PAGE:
The time has come for you to add someone new to your team, and with that comes enormous pressure. You have learned from past hiring experience show difficult it is to find stellar people and you want to ensure you are not wasting your time, money, and energy. You need to get this right the first time!
Similarly, there are times you need to say goodbye to some of your “falling stars” and allow them to succeed at another organization! Terminating an employee is most definitely easier said than done, and there many factors that come into play to assure that you and your organization is protected. Let’s take some time to review hiring and firing tips so that you can be successful in both.
As you may have already discovered, high caliber employees can make or break an organization and they are the foundation for a company to become profitable. Potential hires that look good on paper do not always guarantee a good fit; alternatively, an applicant that doesn’t shine in an interview may turn out to be a better performer.
Here are some simple steps you can follow to ensure you do not miss a vital piece of your hiring puzzle.
When your organization is known in your industry as an employer of choice, you will have much easier time finding and attracting top talent. Star employees are drawn to companies with a reputation to take care of their employees and truly care about their well being.
You have heard many times that our current workforce is made up of FOUR different generations,and each of those groups are attracted to different perks. To name a few examples, Millennials seek employers who offer remote work arrangements, working mothers appreciate a flexible schedule, and baby boomers rely on strong benefit plans.
Why this position? Why right now?
It is imperative to be clear on your reasons for hiring or you will risk spending massive amounts of resources on a position that isn’t going to improve your organization. It is important to state for yourself and the team the reasons for hiring this position, now, in a concrete sense. Many times, people are hired to just “fill a gap”. Make sure that the “gap” is necessary to fill or determine if you can take this opportunity to restructure the team and better utilize your current resources.
As you develop your “Why”, also determine the ultimate intent of the role. Assure that you have a consistent, overriding point of focus which will allow the person to grasp the primary reason he or she is being added to your team, and what they will be held accountable for.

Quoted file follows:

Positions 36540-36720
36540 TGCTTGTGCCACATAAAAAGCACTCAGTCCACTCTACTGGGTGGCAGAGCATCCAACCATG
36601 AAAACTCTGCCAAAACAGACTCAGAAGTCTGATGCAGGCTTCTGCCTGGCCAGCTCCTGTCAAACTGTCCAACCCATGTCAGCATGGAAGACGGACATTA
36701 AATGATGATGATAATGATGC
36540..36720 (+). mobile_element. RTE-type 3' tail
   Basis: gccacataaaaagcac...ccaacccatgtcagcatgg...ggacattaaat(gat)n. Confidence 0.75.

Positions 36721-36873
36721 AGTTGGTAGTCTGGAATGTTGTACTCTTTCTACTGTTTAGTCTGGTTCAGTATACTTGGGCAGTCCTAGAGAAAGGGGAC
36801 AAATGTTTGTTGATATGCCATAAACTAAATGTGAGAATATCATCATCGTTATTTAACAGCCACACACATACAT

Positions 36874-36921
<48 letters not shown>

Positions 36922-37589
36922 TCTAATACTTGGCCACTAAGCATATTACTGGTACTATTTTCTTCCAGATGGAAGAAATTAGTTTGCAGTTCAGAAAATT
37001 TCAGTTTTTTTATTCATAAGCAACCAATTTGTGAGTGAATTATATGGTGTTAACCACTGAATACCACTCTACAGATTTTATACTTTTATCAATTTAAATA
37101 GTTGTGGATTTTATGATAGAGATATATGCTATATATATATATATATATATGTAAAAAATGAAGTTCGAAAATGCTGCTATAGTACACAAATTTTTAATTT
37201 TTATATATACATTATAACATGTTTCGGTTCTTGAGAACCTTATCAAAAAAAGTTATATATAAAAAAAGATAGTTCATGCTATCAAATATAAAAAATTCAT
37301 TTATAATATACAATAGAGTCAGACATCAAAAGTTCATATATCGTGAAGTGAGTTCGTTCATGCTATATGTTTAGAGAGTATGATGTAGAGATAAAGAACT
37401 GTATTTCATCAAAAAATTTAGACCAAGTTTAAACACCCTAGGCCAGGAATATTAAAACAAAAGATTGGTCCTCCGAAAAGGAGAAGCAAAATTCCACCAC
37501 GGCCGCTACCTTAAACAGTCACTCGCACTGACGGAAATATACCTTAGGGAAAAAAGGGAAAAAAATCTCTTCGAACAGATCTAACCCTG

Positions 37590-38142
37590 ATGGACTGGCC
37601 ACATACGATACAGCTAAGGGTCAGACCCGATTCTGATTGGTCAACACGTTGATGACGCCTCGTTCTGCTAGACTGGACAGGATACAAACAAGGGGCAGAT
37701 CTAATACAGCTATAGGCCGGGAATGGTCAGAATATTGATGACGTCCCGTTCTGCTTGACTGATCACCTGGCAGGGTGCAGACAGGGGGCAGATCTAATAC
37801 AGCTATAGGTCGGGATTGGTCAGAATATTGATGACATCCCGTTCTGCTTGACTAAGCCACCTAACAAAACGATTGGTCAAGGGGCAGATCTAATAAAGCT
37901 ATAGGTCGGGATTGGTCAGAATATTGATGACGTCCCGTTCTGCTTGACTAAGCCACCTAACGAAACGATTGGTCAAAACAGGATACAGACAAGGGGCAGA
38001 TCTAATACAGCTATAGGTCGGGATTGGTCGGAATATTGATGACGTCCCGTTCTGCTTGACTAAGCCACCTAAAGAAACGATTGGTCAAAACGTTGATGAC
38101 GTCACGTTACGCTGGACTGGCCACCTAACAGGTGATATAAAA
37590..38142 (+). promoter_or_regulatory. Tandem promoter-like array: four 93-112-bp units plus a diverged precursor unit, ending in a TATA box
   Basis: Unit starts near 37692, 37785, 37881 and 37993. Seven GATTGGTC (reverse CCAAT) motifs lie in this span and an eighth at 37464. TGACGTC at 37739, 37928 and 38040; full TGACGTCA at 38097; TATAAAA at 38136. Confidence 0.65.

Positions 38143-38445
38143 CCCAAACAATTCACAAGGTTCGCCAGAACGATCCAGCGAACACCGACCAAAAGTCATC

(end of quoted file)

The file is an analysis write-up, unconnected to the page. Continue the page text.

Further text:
Before delving into further details about the role, you should wait until you know who will be weighing in on the decision of whom to hire. Your hiring team needs to include at a minimum, the direct supervisor of the person being hired, at least one peer,and the managing director of the team.
As you go through the process, it is imperative that it’s clear to this team who is leading the process, who is conducting interviews, and how each person should expect to be involved along the way. This is critical both for making sure that as much relevant perspective is included in the decision and for ensuring buy-in when someone is selected and on-boarded into the organization.
Have a clear set of guidelines during the interview process which will help with confirmation bias. You want to make sure that you avoid making snap judgments as hiring decisions. It’s always best practice to ask each applicant for a specific role the same interview questions. You can always add in follow up questions,but the primary questions need to be consistent.
When it comes to choosing your next hire, you will most likely have better future success when you choose someone with a good work ethic versus a perfect skill set. Most technical knowledge can be trained; however, behaviors, personality and attributes cannot be easily changed to fit a role. Someone who is passionate about your brand and organization will do whatever it takes to ensure that your company is successful.
Now comes the tough part – how to make the move when it’s time to set your employees free to “excel at another organization”. Here are some steps on how to make sure you are making the best decision and how to protect your organization in the process.
It is important to remember that the eyes of other employees as well as your senior management will be on you as you walk through this termination process. It is a stressful process for you, your team, and for the employee. Terminating an employee right can help you out and get you through the rough process, but doing it wrong can have lasting effects on you and your organization in many ways.